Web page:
Written By Carla Harris
The world’s largest international bar association, the Association of Corporate Counsel recently published a comprehensive analysis of Australian wagering licensure that reveled a considerable amount of regulatory overlap in the national gaming industry. For years, political watchdog organizations such as the Rights Party of Australia have identified a problematic “regulatory creep” that significantly restricts the activities of all wagering operators that attempt to conduct business within Australian federal boundaries.
Numerous regulatory authorities currently have jurisdiction over Australian companies that support gambling operations. These regulators include each operator’s primary licensing body, its official State/Territory gambling regulator, all pertinent racing and sports controlling bodies, and various non-gambling-specific bodies such the Australian Competition and Consumer Commission. In many instances, two or more statutory organizations may enforce requirements that relate to the exact same gambling area or issue.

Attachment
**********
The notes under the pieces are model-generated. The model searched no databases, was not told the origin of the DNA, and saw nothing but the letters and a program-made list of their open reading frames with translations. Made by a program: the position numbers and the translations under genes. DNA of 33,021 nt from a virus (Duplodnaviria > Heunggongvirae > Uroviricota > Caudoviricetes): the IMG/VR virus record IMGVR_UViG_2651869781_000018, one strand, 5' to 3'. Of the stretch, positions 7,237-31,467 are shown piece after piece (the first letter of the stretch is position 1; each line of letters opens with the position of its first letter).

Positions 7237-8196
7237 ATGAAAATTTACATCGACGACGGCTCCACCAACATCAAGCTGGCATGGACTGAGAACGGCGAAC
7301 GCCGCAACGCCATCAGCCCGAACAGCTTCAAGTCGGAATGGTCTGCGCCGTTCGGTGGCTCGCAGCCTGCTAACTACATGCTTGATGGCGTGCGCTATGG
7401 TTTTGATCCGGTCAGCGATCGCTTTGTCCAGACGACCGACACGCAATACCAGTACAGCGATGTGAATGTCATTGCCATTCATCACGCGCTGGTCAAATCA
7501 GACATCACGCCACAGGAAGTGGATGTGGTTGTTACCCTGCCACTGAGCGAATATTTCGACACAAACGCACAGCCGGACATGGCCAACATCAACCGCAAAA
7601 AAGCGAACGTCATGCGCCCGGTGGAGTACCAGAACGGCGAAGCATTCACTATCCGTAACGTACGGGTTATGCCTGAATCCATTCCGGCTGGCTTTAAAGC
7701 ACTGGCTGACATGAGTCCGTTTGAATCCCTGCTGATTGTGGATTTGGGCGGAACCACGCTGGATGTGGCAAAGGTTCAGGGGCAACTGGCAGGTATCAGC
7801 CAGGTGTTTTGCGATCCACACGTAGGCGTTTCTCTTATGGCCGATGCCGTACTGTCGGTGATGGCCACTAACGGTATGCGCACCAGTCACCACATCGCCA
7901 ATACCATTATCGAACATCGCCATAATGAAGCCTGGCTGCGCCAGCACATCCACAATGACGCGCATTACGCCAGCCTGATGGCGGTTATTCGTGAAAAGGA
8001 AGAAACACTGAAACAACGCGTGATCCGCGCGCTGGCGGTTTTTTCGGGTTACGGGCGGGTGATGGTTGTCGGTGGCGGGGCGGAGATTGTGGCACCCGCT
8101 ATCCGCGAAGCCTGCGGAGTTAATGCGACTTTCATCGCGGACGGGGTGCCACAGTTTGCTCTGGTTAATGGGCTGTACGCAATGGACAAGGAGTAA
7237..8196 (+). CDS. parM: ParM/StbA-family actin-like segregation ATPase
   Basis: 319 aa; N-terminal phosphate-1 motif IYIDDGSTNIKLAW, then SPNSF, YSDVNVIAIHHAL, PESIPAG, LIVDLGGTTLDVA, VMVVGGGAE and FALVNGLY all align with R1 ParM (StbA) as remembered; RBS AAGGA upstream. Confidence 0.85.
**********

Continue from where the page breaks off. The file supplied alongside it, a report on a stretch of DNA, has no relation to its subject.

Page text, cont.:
For example, in 2014, wagering operators faced a number of new challenges from the New South Wales thoroughbred racing regulating body, Racing NSW. The organization introduced a number of new approval conditions, including restrictions concerning the advertising of gambling products and provisions that require operators to accept certain minimum bets. These new stipulations cover the exact same ground as existing requirements that are already in effect under licensing bodies such as the Northern Territory Racing Commission and under federal public policies such as the Australian Consumer Law.
In 2015, Australia will host both the Asian Cup and the Cricket World Cup. By loosening existing restrictions in federal gambling laws and regional licensing stipulations, the country stands to benefit by capturing capitol that would otherwise go to offshore wagering operations.